Years ago in Analog Science Fiction Magazine, I read a short story, the name of which escapes me, about a company which had developed a therapy for rejuvenating the ageing human body to the point where an 80 year old person could turn back the clock and regain the body and mind of a 20 year old. The cost for the procedure? Everything. That is to say, whether you had $500 to your name or $500 million, the cost was the same. Everything you had. Then you could start over and re-build your financial life with the vigor of a 20 year old but the wisdom of an 80 year old. Very quickly this company became one of wealthiest on Earth, as there was no shortage of candidates willing to give up everything they had worked so hard for, in order to start over with a young healthy body. The drama in the story, of course, involved those who tried to “game the system” by hiding some of their accumulated wealth.Believe it or not, today we have something similar going on, involving a company with a proprietary natural product which research shows can significantly slow down or even reverse the ageing process, and, not surprisingly, it is VERY expensive. Expensive to the point where relatively few people can afford the product. Yet, those that CAN afford it are more than happy to spend many thousands of dollars at the chance of extending their lives.In short, this is wrong. If this substance were a synthetic product resulting from years of study and vast sums of money spent on research, it might be ethically justifiable. But that’s not the case. While the company which did the original research did spend a great deal of money isolating the compound and researching its effects, the compound itself is totally natural, and as such cannot be patented. Natural products are part of our collective endowment from Nature. They belong to everyone and no one. I want to show you how you can “game the system” and acquire the benefits of this substance, with a clear conscience, and at a substantially reduced price.But first, as Paul Harvey used to say, here’s “the rest of the story”…In the early 1990’s, a biotechnology company, Geron Corporation, began to investigate the genetic developmental aspects of cancer and they discovered activation of a gene sequence called the telomere was common to nearly all cancer cell types. Telomeres are repeating sequences of DNA found at the ends of all chromosomes. Their function is to stabilize the ends of the chromosome strands, much like the wrapping at the end of a shoelace. Each time a cell divides, the chromosomes divide and the telomere sequence is shortened. When the telomere eventually shortens to a certain length, other genes are activated which prevent further cell division. The cell then becomes senescent, and its days are numbered. This is the fundamental cause of ageing. There are other secondary causes of course such as accumulation of intracellular waste, tissue damage due to high blood sugar, DNA damage due to oxidation and mutagenic chemicals, and a host of others, but telomere shortening is the primary cause.In fact, some cells are immortal, such as cancer cells. Cancer cells divide without limit because they have managed to switch on an enzyme called telomerase, which triggers telomere regeneration. This is not to say that telomerase activation causes cancer, it’s just one aspect of the cancer process, as pointed out in the January 2002 issue of the journal, Nature. (1) This is the crux of Geron’s research… they seek to control cancer by controlling telomerase production. Along the way, they discovered a series of natural compounds, derived from the plant Astragalus membranaceus, which stimulated telomerase production in humans and other animals. It was found that by supplementing the diets of lab animals with these telomerase-activators, their telomere lengths were measurably increased, and the animals lived longer and healthier lives. Over time, Geron supposedly narrowed the most active substance down to one compound, which they labeled TA-65.Understandably, Geron has been reticent about revealing the exact compound, since it’s a non-patentable natural substance. According to Geron patent documents, it’s either Cycloastragenol or Astragaloside IV. (Both compounds have telomerase activating properties) Cycloastragenol is, according to Geron patents, active in the 5mg to 10mg range while Astragaloside IV is active in the 50mg to 100mg range. In fact, bottles of TA-65 are labeled simply as “Astragalus Extract” with no mention of the exact, supposedly pure, compound.Recognizing the tremendous market potential for this mystery compound, Geron licensed TA-65 to a company named TA Sciences. TA Sciences is the “official” source for the miraculous TA-65 compound. The cost? According to the TA Sciences website (2):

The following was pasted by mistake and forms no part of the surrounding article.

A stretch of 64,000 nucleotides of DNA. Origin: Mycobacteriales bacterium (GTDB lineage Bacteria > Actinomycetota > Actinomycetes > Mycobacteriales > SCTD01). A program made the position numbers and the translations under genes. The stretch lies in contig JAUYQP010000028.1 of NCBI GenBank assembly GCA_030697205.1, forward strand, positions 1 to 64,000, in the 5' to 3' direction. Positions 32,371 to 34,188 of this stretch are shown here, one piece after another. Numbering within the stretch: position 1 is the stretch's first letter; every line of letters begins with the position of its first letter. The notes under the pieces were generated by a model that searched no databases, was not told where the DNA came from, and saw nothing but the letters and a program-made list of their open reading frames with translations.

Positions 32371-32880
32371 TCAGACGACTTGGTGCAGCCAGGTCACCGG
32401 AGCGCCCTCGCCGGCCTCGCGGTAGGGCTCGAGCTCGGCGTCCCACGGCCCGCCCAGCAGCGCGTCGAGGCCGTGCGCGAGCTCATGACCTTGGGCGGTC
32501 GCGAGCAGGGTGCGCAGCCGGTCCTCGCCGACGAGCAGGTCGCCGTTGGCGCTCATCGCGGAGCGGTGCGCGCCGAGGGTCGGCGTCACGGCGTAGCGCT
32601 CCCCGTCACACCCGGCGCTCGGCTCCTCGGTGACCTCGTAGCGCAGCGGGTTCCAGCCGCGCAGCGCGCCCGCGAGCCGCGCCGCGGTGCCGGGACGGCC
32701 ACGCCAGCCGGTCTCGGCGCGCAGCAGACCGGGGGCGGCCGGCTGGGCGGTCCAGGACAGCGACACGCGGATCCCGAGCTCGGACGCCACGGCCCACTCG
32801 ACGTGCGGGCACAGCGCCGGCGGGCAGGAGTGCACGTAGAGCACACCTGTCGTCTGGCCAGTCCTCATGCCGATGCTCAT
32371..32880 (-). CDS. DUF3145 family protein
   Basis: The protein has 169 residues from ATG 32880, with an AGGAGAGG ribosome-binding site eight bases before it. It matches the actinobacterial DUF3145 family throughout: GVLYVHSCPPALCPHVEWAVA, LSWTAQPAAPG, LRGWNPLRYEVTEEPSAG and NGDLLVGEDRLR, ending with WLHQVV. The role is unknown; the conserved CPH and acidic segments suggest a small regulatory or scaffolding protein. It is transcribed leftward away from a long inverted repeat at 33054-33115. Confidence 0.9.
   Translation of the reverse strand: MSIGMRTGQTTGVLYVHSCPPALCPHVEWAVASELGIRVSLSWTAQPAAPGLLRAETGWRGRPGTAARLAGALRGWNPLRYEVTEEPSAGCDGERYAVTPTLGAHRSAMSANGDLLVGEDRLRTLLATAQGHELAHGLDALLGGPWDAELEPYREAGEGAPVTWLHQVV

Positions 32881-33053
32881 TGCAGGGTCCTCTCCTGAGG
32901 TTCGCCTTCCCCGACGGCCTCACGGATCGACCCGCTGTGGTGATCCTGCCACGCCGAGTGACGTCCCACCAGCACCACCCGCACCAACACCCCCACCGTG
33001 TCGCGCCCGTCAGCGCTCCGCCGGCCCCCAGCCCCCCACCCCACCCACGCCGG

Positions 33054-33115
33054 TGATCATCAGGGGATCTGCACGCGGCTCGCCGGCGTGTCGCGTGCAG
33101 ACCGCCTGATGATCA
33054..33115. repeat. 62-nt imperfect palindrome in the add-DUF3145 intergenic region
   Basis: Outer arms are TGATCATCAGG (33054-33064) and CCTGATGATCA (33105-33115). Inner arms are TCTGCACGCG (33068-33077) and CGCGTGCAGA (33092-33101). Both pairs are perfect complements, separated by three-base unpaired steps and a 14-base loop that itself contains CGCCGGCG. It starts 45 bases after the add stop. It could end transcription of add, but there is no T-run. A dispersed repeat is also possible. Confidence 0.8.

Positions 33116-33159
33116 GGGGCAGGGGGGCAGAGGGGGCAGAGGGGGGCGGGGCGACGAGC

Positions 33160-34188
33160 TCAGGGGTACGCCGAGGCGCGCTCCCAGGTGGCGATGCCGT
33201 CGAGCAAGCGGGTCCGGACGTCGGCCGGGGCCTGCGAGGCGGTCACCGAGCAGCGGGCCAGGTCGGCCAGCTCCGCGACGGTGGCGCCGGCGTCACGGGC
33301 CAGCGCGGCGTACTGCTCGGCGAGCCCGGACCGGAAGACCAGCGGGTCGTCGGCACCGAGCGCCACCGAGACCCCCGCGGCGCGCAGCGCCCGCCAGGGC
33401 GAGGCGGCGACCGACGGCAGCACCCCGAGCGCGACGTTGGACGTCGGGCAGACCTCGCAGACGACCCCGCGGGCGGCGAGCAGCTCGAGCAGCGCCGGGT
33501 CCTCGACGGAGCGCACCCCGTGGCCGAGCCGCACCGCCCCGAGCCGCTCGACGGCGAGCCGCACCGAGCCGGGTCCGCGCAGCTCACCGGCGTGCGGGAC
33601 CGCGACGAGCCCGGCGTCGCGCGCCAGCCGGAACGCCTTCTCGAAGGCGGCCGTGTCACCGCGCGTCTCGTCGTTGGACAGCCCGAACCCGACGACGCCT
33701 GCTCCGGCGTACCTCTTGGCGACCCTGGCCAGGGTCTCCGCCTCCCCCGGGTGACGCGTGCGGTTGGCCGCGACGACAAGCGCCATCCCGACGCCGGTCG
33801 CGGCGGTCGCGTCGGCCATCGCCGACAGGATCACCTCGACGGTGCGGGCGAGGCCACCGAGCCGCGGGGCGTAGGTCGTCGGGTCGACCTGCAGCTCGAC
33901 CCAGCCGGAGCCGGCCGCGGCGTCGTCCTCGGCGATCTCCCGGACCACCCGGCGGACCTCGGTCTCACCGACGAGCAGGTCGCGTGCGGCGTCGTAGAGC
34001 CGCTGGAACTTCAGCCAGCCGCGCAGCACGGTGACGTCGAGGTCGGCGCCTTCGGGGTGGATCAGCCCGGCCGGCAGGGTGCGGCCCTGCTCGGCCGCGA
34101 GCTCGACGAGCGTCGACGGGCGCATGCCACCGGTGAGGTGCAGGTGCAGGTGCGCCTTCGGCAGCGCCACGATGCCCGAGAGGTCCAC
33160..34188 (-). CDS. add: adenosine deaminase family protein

Let’s fire up the old calculator…Looks like, roughly, for a six month protocol, it’s going to cost nearly $8,000! Even without the bells and whistles, it’s still $4,000Cost per month: $666 to $1,333And, they recommend a full 12 months of treatment.Hmmm… I don’t think so.Let’s see if we can find the side-door to this little Fountain of Youth party, shall we?If you’re really industrious, you can do a simple Google search and find suppliers of relatively pure Cycloastragenol in bulk quantities. Most suppliers of bulk chemicals and natural products have minimum quantities, usually in kilogram increments, so your initial cost may be substantial (thousands of dollars). Then you will face the task of finding a compounding pharmacy or bottler experienced with natural products to encapsulate the raw material with an appropriate amount of filler so your dose is between 5mg and 10mg per capsule. This will likely cost a few thousand dollars more. At this point though, you would likely have enough to last several lifetimes. So then you might want to sell the excess, but you’ll need to be sure to comply with all FDA labeling requirements and obtain sufficient liability insurance and so on.One can certainly do all this, as I have done so personally with several dietary supplement formulas, but there is an easier way… You may want to consider a product called “Astral Fruit-NF” manufactured by a company called RevGenetics. A bottle of 30 capsules is guaranteed to have a minimum of 150mg of Cycloastragenol, which equates to 5mg+ per capsule. This is equivalent to what the Geron patents specify as an active dose of Cycloastragenol. Each capsule also contains two additional herbal ingredients shown to activate telomerase production. (3)Cost per month? $25 Now we’re talking. Yet another alternative is to simply buy a concentrated extract of Astragalus, of which there are many available. I prefer one made by Herb Pharm, which I wrote about in a previous HNI article. (4) Now be aware that you may or may not be getting the exact compound found in TA-65 if you consume an inexpensive, concentrated, Astragalus extract. There is a reasonable chance, however, that you will ingest enough naturally occurring telomerase-activating compounds to do the trick. I do know this… you will almost certainly notice an increase in energy and an improved sense of well-being, and it’s reasonable to assume you will benefit from an improved immune response, which is one of the documented benefits of Astragalus. (5) Cost per month? $15 or less Astragalus is a powerful herb, and as such there are a couple of caveats to keep in mind.